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WHITE-NOSE SYNDROME CONFIRMED IN IOWA; MORE THAN HALF OF ALL US STATES NOW AFFECTED

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WHITE-NOSE SYNDROME CONFIRMED IN IOWA; MORE THAN HALF OF ALL US STATES NOW AFFECTED

Published on April 16, 2015


Northern long-eared batWhite-nose syndrome has been confirmed in Iowa today by the Iowa Department of Natural Resources, making it the 26th state to confirm the disease that has killed more than 5.7 million bats since 2006.

Three bats collected in Des Moines County were confirmed to have white-nose syndrome (WNS). Two little brown bats and one northern long-eared bat, a species newly listed as nationally threatened, were observed near a cave entrance with visible signs of WNS. The USGS-National Wildlife Health Center in Madison, Wisconsin confirmed that the bats had WNS.

Pseudogymnoascus destructans (P. d.), the fungus that causes white-nose syndrome, had been known to be present in the state since 2011, but until now no bats in the state had been confirmed with the disease.

“Although we are saddened by this news, we are not surprised” says Katie Gillies, Director of the Imperiled Species Program at Bat Conservation International. “White-nose syndrome continues to march westward and is having a devastating impact North American bats. BCI and our many government and scientific partners are working tirelessly in trying to develop tools to try to stop the spread of this disease”.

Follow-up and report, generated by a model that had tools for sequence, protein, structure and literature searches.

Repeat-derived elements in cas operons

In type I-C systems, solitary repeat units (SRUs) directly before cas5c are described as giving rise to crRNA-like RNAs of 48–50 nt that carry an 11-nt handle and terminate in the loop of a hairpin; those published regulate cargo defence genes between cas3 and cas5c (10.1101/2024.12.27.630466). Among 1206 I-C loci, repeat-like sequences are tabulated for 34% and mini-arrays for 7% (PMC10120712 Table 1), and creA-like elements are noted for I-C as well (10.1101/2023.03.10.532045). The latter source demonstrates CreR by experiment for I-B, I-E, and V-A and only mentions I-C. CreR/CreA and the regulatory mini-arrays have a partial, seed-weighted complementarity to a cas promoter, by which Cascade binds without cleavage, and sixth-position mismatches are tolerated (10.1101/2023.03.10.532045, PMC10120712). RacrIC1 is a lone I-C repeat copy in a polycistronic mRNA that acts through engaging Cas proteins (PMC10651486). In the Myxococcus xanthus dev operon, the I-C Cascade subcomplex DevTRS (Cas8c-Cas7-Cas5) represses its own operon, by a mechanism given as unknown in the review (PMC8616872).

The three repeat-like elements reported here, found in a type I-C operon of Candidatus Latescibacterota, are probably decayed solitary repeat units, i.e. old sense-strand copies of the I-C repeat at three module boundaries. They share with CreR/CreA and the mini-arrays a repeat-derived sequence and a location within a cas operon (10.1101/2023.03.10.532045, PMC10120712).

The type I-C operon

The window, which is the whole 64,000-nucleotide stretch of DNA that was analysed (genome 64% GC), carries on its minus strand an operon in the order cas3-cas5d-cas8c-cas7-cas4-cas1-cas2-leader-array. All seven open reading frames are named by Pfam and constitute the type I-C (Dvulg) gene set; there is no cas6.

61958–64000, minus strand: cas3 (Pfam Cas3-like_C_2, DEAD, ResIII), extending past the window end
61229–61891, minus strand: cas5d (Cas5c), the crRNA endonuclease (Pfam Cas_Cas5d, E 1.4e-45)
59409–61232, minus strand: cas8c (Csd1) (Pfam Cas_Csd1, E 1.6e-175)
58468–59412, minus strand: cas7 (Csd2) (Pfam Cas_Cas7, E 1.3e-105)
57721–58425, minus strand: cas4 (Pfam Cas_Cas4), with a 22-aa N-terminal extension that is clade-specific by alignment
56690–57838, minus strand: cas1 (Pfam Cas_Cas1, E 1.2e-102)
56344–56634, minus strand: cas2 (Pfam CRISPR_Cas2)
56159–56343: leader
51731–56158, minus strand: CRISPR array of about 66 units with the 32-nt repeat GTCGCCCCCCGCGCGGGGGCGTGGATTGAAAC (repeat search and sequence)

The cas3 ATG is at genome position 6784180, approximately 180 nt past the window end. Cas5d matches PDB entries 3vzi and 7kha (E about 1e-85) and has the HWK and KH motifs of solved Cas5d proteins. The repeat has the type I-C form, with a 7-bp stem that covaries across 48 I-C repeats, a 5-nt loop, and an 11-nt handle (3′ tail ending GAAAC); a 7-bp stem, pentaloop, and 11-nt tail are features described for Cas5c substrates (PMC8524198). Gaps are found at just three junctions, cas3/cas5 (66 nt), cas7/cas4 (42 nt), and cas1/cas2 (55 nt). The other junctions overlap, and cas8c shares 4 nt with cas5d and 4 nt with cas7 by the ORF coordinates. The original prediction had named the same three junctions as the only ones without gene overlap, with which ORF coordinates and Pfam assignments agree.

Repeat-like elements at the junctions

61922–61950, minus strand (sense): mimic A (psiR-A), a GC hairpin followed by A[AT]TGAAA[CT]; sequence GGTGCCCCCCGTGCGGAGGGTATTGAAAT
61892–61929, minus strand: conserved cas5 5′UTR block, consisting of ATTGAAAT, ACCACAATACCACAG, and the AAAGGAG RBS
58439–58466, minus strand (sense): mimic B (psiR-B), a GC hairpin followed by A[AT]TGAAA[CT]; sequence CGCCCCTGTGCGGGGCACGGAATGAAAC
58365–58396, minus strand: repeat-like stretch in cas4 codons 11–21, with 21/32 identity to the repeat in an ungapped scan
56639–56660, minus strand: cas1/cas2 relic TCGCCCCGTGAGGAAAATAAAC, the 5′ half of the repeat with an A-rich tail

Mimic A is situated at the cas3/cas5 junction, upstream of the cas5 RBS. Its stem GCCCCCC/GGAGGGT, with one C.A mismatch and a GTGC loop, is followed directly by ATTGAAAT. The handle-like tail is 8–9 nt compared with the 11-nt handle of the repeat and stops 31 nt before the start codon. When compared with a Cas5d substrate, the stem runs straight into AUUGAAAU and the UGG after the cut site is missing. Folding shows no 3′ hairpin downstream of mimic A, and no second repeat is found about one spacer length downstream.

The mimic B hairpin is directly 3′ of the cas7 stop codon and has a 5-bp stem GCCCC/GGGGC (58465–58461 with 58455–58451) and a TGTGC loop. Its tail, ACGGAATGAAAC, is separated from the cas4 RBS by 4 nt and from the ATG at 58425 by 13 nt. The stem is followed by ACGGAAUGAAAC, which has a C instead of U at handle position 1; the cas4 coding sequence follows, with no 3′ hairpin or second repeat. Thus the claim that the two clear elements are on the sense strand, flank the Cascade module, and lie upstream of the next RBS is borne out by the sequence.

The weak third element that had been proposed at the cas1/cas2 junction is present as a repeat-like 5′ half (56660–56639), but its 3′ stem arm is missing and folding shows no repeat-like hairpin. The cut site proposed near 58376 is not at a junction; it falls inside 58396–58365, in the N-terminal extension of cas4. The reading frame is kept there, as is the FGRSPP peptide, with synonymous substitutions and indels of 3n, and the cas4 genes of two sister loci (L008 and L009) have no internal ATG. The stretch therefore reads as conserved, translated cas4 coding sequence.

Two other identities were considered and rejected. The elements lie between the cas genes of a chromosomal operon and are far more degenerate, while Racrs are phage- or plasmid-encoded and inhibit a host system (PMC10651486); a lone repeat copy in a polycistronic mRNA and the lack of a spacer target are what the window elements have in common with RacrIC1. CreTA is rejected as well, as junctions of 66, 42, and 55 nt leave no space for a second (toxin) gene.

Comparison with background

BCI continues to be the largest non-government funder of WNS research in the United States having invested $386,613 in research grants to understand the disease and develop tools to stop its spread.

Pseudogymnoascus destructansis a cold-loving white fungus typically found on the faces and wings of infected bats. It causes bats to awaken more often during hibernation and use up the stored fat reserves that are needed to get them through the winter. Infected bats often emerge early from hibernation and are often seen flying around in midwinter. These bats usually freeze or starve to death. 

WNS is not known to pose a threat to humans, pets, or livestock. It is transmitted primarily from bat to bat, but humans may inadvertently carry fungal spores into caves on clothing and caving gear. Citizens in North America can help bats by following all decontamination requirements if entering caves and continuing to avoid disturbing bats, especially during hibernation. Communities can also help fight WNS with donations towards WNS syndrome research. Please make a contribution

 

 

 

 

 

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